New coaches help teams all the time. Heck, the Dolphins went 1-15 didn't they and made the playoffs the next yr. Just recently you got Caldwell, Pagano, Harbaugh (both), Kelly, McCoy, Reid, Ariens turning around teams. Sure some continue to be messes especially in Oakland, Jacksonville, Tennessee, but many have been sucessful. Even Marrone and O'brien have done good jobs too just haven't made the playoffs.

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It worked for the Bills, Cardinals, eagles, Chiefs & Colts

Part of what makes me roll my eyes about articles like this is they don't account for things like what happened with the Colts...going from Peyton Manning to....whoever the **** was there in 2011..to Andrew Luck.

Coaching had little to do with it considering they are built to win with average talent everywhere except QB.

Edited by FalconAge
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Clock management could've meant the difference in being in the playoffs this year. Not too many decent coaches would have mismanagged the clock like Smitty did this year. We can't just attribute one loss yesterday as a reason we are not in the playoffs. So, yeah, a different coach this year could've been the difference between being 6-10 and being 9-7 or 10-6. Coaches have to have BALLS to make one or two big time game decisions and Smitty's decisions were just not cutting it for us.

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If the NFL could be perfectly predicted by fancy stats, there would be no reason to play the games.

There were at least 3 additional wins this team could have had this year if not for coaching mistakes. This is the human factor that no stat can ever predict. In addition, there are other intangibles such as the coin toss, weather, injury factors that no stat can ever calculate beforehand.

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Clock management could've meant the difference in being in the playoffs this year. Not too many decent coaches would have mismanagged the clock like Smitty did this year. We can't just attribute one loss yesterday as a reason we are not in the playoffs. So, yeah, a different coach this year could've been the difference between being 6-10 and being 9-7 or 10-6. Coaches have to have BALLS to make one or two big time game decisions and Smitty's decisions were just not cutting it for us.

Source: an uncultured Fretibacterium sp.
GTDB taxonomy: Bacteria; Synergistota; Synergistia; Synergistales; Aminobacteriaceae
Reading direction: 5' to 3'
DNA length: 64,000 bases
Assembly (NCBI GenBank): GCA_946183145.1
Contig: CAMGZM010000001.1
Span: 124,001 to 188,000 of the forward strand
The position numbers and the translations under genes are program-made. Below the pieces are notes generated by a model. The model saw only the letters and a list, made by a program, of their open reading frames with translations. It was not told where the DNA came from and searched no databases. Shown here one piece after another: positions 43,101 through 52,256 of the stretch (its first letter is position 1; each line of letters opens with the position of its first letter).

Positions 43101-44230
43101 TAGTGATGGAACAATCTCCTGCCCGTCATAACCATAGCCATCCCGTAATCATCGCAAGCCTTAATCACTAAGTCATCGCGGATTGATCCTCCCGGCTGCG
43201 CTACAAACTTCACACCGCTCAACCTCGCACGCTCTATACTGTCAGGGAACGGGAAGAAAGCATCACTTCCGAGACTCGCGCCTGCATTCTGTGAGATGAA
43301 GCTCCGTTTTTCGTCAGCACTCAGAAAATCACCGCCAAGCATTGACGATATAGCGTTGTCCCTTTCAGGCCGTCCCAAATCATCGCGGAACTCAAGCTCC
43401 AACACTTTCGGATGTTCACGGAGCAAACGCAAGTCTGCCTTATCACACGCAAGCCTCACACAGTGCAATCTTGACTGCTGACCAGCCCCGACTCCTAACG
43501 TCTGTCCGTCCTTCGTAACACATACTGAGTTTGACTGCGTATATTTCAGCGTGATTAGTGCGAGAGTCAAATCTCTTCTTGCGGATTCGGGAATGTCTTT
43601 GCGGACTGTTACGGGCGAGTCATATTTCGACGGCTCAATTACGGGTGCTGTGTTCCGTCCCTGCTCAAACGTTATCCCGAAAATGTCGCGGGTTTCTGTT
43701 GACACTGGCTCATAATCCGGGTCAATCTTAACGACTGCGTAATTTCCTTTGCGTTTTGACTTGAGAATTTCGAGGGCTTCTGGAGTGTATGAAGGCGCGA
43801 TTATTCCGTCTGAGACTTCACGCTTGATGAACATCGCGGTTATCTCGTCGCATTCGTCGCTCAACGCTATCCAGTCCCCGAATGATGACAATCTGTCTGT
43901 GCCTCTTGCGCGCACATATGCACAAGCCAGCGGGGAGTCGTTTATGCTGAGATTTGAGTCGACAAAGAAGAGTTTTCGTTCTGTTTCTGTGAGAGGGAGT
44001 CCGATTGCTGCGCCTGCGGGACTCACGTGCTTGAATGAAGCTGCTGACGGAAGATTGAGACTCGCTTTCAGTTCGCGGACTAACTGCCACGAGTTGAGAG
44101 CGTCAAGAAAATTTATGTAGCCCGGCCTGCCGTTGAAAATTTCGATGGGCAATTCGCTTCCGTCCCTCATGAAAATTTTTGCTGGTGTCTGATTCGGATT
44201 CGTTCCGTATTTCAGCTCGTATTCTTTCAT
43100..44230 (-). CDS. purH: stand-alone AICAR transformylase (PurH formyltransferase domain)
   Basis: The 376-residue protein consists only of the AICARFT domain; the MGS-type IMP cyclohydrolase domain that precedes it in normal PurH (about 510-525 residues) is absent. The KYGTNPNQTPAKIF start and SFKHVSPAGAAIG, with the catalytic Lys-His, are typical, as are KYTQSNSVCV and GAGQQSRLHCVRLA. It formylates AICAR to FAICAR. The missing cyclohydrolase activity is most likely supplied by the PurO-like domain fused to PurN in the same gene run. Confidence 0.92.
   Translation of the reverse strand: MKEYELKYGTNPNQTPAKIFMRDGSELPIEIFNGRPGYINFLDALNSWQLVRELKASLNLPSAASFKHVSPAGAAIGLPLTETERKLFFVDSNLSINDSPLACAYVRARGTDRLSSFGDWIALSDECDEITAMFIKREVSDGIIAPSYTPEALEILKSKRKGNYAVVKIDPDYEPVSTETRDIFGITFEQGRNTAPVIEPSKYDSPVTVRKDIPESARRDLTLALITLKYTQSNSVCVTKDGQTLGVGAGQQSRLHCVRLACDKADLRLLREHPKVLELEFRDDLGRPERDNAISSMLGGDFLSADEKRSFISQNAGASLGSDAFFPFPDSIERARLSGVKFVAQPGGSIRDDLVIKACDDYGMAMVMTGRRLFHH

This is all true.

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Well I guarantee you one thing, we aren't going to a superbowl next year. *smh*

someone did a study already and unless you go to the playoffs the year before, you have a much lower chance of going to superbowl... I always said this, Blank is looking for 2017 to be a big year, and that means we better win a superbowl before 2016 is over. So he's expecting playoffs next year and superbowl the next.

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Consider this: The last time the Falcons hired an established "NFL Head Coach" with experience was back when we hired Dan Reeves. The result - a Super Bowl appearance.

Since then here's the list of hired coaches:

Jim Mora - No NFL Head Coaching experience

Bobby Petrino - No NFL Head Coaching experience

Mike Smith - No NFL Head Coaching experience (However, after the Petrino debacle, did manage to become ATL's winningest coach and longest tenure)

I think we go with experience and that points to Rex Ryan.